Sunday, 28 September 2014

My favourite Japanese pop record turns out to have been created by a Frenchman - I am amazed

Look, I know everyone is agog to hear my opinions regarding the defection of Tory MP Mark Reckless to UKIP, yet another European Ryder Cup triumph, the discovery that our taxes have been wasted on something called a Minister for Civil Society, and whether it's a good idea to go to war ever so slightly hampered by not being able to bomb the psychopathic bastards you're fighting when they cross the border into the country where they have their main strongholds. But I've been concentrating on far weightier matters, namely how did I miss the fact that the 1971 pop record "Yamasuki" by the Yamasuki's (sic) was made in Paris by French people rather than in Tokyo by Japanese people. I still can't get my head round it.

I ran out and bought "Yamasuki" when I heard it on the radio in 1971. It was released on John Peel's Dandelion record label, in the wake of that label's only hit, Medicine Head's "Pictures in the Sky", which reached No.22 on the British charts. "Yamasuki" did not chart, which has always struck me as an injustice:


I can't tell you how often I've listened with enormous pelasure to that chap repeatedly bellowing "ooh! soh!" over the years.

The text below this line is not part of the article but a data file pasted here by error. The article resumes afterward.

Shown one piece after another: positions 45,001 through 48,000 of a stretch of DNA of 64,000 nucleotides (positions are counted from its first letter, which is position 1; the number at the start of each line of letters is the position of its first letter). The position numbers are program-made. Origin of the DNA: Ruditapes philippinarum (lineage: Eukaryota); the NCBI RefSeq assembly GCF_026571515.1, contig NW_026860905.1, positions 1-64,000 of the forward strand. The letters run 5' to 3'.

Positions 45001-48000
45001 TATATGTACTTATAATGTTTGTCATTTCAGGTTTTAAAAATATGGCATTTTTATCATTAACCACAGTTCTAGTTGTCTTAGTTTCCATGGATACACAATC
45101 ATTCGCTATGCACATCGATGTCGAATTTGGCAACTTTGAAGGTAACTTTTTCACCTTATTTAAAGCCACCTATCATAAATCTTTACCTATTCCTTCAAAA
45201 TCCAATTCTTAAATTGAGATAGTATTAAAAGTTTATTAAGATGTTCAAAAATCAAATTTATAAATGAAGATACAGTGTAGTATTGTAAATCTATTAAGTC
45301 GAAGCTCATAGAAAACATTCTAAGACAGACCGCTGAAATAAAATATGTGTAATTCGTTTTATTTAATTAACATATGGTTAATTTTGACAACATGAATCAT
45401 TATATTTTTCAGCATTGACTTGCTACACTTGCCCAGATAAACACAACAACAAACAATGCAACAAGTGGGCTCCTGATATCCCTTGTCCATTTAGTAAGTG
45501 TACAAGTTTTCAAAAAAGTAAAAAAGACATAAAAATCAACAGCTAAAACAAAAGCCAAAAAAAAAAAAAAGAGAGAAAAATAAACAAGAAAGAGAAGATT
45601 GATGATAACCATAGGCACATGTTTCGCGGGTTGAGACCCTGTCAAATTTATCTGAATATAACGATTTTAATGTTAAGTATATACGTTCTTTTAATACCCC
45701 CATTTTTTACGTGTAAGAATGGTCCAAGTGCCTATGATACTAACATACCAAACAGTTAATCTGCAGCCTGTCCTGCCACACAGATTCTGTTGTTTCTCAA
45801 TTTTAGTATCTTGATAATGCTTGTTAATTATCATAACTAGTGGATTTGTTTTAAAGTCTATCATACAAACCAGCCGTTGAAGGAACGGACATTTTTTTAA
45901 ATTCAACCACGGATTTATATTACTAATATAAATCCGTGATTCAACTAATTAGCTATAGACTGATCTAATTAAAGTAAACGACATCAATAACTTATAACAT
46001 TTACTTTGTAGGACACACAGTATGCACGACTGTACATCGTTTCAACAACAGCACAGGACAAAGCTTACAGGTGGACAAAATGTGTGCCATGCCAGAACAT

Turns out the record was produced by Daniel Vangarde (née Bangalter) as part of an LP entitled Le Monde Fabuleux Des Yamasuki. One of the other tracks - the catchy, vowel-tastic "Aieaoa" - appeared as the B-side to "Yamasuki", and was later covered by (among others) Bananarama, becoming their first hit under the title "Aie a Mwana". Here's the original:


Vangarde enjoyed greater success later in the decade as the producer of the two disco hits "D.I.S.C.O" by Ottawan and "Cuba" by the Gibson Brothers (you see, I haven't been wasting my time). He's also the father of Thomas Bangalter, a member of Daft Punk, and therefore he's indirectly responsible for this popular ditty, which - whether you realise it or not - you will probably have heard many times as background music on radio and television since its release in April, 2013:


Given Bangalter Senior's distinguished disco past, it sounds as if the apple didn't fall all that far from the tree. 

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